The Chrysler Museum of Art in Norfolk, Virginia, exhibits the Johannes Vermeer masterpiece, ‘A Lady Writing’, on loan from the National Gallery of Art in Washington, D.C. until December 18. Vermeer’s works are as highly regarded as they are rare, as only 35 of his paintings survive to this day. An incredibly skilled craftsman held in high esteem by his fellow Dutch Golden Age painters in the city of Delft, his understanding of light and its color-related effects are revered to this day. After his death in 1675, he left behind 11 children and many debts. Since most of his paintings were sold to local collectors, his fame did not spread and his work was largely overlooked until the 19th century. Vermeer worked slowly, roughly three paintings per year, and used very expensive pigments, such as lapis lazuli, or natural ultramarine.
This painting, completed around 1665, is notable for its use of lead-tin-yellow pigment. It’s done in a style often seen in Vermeer’s work; an intimate interior scene with light coming from the left. Many of his paintings feature the same furnishings, as he did much of his painting in two rooms of his home. This work is one of three Vermeers owned by the National Gallery of Art. ‘A Lady Writing’ will be on view in Gallery 202 of the Dalis Foundation Galleries until December 18 with free admission.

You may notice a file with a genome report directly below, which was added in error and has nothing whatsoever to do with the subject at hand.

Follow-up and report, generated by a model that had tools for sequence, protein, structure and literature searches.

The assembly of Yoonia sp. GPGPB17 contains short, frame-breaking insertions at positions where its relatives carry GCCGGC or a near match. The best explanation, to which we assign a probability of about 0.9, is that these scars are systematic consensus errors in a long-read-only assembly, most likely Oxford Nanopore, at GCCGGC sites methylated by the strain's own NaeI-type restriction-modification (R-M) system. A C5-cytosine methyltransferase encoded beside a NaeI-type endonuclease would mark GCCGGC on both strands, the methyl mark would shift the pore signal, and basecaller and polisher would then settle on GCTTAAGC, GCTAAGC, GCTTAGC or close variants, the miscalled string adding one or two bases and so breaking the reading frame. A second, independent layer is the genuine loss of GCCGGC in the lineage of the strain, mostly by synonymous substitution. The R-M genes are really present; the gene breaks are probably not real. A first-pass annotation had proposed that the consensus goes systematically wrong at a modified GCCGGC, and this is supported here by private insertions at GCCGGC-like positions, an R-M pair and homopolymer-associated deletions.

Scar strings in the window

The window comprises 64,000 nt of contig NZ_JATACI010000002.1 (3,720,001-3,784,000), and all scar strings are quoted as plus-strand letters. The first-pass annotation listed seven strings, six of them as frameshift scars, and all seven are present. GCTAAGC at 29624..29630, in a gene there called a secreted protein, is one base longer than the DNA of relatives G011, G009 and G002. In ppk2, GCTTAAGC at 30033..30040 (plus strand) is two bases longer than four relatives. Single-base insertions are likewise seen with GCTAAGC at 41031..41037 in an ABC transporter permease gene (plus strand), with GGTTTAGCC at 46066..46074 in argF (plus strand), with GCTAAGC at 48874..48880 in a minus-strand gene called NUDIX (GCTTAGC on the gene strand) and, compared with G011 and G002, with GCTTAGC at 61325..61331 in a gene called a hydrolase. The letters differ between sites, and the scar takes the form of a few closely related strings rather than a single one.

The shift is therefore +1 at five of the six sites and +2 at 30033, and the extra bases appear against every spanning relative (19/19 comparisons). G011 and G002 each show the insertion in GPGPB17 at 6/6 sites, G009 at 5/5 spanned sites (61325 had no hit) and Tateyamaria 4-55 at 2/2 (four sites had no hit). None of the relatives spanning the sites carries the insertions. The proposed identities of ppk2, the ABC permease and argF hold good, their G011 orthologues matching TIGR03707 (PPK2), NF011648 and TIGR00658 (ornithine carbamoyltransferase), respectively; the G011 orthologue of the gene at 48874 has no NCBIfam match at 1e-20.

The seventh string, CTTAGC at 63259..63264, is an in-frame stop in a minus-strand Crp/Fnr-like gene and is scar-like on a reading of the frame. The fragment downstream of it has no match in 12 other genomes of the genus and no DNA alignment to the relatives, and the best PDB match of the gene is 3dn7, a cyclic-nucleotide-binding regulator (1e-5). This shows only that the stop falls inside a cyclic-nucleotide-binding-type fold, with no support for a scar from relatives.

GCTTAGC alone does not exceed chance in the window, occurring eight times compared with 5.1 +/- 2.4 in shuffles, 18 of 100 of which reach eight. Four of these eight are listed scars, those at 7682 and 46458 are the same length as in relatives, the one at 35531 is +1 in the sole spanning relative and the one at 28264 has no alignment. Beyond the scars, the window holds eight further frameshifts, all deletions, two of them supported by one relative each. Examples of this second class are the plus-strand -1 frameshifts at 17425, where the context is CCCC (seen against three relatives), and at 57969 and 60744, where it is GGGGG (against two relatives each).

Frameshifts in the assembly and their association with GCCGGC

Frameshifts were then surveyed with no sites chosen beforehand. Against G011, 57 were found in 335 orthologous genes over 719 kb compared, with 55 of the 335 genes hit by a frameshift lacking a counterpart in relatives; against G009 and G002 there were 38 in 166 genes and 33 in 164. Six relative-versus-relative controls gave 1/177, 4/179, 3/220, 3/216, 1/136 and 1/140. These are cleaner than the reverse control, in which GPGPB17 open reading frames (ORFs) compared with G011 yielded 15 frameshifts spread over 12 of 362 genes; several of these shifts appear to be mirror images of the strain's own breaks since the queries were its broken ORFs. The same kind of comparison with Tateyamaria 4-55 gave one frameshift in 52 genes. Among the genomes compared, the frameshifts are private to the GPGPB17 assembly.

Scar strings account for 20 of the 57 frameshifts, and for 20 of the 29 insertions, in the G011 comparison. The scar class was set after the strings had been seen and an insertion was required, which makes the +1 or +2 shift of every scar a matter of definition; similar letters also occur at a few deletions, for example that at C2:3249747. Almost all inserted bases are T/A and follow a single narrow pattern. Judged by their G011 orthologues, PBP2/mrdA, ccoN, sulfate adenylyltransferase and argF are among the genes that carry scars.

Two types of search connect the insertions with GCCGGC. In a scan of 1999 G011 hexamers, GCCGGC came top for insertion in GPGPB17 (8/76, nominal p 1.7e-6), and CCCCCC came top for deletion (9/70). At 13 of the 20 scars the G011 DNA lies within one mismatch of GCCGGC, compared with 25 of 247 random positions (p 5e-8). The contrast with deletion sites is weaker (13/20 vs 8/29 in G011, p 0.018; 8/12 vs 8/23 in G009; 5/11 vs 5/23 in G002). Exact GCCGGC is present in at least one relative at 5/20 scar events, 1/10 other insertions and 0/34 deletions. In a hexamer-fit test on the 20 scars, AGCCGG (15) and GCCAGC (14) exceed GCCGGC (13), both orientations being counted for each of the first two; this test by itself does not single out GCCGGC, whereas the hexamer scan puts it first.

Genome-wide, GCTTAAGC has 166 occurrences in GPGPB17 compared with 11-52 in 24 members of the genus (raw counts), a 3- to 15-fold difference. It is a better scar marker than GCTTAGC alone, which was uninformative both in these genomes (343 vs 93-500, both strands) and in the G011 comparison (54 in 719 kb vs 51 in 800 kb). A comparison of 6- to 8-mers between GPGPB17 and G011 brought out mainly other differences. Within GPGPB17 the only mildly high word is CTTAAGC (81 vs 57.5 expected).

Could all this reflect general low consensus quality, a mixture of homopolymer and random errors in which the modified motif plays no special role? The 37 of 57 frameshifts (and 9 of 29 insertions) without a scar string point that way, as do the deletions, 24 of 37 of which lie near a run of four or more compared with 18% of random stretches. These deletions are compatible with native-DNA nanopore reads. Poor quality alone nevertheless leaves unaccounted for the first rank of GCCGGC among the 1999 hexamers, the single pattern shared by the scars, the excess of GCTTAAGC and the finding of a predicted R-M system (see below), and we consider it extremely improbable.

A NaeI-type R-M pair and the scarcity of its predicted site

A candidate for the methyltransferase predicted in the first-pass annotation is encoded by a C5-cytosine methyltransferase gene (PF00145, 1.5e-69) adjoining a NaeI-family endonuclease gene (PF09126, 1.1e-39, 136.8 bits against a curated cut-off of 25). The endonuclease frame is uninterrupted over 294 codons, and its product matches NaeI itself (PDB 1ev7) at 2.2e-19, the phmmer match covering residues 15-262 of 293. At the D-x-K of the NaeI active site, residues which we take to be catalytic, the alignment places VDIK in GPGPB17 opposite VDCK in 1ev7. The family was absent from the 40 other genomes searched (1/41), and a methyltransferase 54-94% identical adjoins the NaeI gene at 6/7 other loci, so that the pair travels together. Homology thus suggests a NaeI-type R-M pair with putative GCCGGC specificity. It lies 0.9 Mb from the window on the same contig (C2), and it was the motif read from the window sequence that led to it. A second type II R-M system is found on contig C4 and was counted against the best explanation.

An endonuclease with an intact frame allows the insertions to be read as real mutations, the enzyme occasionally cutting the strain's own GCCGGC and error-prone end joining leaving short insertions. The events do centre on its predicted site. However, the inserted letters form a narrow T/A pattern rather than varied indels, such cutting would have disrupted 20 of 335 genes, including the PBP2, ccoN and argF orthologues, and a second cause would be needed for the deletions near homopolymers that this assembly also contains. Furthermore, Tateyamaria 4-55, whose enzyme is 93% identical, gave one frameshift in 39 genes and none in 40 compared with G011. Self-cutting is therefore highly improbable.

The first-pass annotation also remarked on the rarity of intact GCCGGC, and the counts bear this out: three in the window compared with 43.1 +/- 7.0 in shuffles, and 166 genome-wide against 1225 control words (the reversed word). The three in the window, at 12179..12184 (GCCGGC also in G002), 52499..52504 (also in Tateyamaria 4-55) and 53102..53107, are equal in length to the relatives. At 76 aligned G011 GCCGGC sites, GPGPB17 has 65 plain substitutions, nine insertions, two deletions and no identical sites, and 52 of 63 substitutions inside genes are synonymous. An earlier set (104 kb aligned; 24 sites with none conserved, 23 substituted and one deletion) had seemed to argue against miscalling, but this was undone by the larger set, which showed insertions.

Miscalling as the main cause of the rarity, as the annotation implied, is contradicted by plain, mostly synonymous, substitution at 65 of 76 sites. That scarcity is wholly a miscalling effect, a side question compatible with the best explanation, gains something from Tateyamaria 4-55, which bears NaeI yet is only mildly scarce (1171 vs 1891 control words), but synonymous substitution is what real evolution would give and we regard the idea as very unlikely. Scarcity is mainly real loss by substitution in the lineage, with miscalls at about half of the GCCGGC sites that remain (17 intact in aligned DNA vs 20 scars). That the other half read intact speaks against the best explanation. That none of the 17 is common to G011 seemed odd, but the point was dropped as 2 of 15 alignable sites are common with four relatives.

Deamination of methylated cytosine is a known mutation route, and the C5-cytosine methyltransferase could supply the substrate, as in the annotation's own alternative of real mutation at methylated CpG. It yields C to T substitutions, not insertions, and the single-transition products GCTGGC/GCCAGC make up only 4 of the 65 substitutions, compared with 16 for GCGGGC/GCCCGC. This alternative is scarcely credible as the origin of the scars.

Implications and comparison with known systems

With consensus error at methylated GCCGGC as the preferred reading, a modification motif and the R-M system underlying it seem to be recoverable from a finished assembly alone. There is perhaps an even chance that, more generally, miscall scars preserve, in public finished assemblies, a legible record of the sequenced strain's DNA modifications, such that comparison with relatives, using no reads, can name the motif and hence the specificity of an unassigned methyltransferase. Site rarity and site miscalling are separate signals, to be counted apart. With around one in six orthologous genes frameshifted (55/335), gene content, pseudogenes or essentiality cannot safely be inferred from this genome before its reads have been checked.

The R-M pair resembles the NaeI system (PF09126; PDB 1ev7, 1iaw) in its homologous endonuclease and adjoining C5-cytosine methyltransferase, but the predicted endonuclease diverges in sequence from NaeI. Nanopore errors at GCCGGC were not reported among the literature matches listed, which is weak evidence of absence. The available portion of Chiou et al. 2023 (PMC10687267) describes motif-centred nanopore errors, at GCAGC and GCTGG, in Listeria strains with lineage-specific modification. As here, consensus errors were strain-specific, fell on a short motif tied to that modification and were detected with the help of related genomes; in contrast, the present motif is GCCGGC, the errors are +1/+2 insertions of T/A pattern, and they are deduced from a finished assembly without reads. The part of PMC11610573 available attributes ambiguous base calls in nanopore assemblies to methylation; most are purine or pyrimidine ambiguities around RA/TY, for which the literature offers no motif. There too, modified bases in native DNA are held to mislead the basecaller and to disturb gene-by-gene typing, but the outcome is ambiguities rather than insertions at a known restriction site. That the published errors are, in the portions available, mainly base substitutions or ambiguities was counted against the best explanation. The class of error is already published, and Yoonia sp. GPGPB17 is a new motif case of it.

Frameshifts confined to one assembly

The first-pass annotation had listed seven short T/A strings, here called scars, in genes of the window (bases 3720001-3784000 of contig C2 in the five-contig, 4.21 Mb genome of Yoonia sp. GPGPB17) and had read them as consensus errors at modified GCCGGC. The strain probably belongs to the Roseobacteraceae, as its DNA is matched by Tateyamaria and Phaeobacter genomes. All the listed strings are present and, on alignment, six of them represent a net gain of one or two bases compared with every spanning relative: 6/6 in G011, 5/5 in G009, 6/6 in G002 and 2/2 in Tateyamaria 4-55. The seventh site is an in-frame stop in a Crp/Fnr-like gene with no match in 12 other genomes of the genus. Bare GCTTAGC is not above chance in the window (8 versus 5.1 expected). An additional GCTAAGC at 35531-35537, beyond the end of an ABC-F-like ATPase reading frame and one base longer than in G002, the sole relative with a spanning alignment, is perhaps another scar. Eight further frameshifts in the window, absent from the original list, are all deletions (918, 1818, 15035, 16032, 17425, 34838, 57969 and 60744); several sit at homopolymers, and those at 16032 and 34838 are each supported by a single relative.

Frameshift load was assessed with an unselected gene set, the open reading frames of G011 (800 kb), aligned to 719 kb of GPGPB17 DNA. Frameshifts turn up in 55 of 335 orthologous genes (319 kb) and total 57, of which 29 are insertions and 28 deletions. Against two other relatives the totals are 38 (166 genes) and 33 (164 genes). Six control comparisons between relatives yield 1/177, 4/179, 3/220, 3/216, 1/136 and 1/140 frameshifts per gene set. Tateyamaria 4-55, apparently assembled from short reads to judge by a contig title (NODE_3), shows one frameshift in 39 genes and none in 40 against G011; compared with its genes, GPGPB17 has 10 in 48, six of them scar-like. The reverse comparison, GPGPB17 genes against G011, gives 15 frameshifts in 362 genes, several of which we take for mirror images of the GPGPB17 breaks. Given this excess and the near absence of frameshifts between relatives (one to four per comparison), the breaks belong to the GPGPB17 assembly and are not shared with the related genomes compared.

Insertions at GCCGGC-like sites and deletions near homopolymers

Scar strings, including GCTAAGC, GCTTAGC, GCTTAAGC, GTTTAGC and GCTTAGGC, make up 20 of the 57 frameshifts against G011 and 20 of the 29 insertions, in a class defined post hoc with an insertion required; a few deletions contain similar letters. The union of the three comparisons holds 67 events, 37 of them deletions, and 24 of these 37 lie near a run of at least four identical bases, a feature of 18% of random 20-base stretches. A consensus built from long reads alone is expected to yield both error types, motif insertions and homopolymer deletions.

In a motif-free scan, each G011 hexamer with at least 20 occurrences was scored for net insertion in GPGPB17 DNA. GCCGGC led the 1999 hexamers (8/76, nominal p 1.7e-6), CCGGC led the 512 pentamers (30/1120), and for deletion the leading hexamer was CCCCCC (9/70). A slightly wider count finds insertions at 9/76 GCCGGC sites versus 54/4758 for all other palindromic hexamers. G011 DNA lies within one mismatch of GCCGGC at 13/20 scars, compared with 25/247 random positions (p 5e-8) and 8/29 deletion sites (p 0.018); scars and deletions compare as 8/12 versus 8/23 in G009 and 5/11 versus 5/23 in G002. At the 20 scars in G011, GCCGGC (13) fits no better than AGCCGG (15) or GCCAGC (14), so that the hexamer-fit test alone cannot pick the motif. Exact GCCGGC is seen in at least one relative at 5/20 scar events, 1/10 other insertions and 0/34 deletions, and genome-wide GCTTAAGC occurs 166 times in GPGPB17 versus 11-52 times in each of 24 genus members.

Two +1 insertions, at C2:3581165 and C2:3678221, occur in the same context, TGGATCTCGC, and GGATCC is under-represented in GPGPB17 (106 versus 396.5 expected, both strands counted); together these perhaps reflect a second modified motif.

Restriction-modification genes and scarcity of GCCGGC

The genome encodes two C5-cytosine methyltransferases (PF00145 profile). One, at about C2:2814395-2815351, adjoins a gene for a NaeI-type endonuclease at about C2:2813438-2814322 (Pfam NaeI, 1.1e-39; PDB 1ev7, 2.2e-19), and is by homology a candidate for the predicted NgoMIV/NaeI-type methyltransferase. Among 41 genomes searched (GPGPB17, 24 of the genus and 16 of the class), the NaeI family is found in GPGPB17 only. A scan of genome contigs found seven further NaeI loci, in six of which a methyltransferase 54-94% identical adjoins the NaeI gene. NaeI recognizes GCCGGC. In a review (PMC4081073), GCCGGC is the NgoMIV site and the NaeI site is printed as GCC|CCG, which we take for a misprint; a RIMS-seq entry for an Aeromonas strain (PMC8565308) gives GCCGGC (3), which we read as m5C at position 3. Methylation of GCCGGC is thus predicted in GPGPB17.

Special Vermeer Lecture by Arthur Wheelock, Jr.
On November 20 (2-3 PM), top expert Arthur Wheelock, Jr. will explain and illuminate on ‘A Lady Writing’. The Curator of Northern Baroque Paintings at The National Gallery of Art, will guide visitors through the Old Master’s work in this Kaufman Theater lecture. Wheelock started working at the National Gallery of Art in 1973 after receiving his PhD from Harvard University. He has lectured widely on Dutch and Flemish Art, and has authored numerous books on painters such as Vermeer, Van Dyke, and Rembrandt.
About the Chrysler Museum of Art
The Chrysler Museum of Art is one of America’s most distinguished mid-sized art museums, with a nationally recognized collection of more than 30,000 objects, including one of the great glass collections in America. The core of the Chrysler’s collection comes from Walter P. Chrysler, Jr., an avid art collector who donated thousands of objects from his private collection to the Museum. In the years since Chrysler’s death in 1988, the Museum has dramatically enhanced its collection and extended its ties with the Norfolk community. The Museum, expanded in 2014 to add additional gallery spaces and amenities for visitors, now has growing collections in many areas. The Chrysler also mounts an ambitious schedule of visiting exhibitions and educational programs and events each season.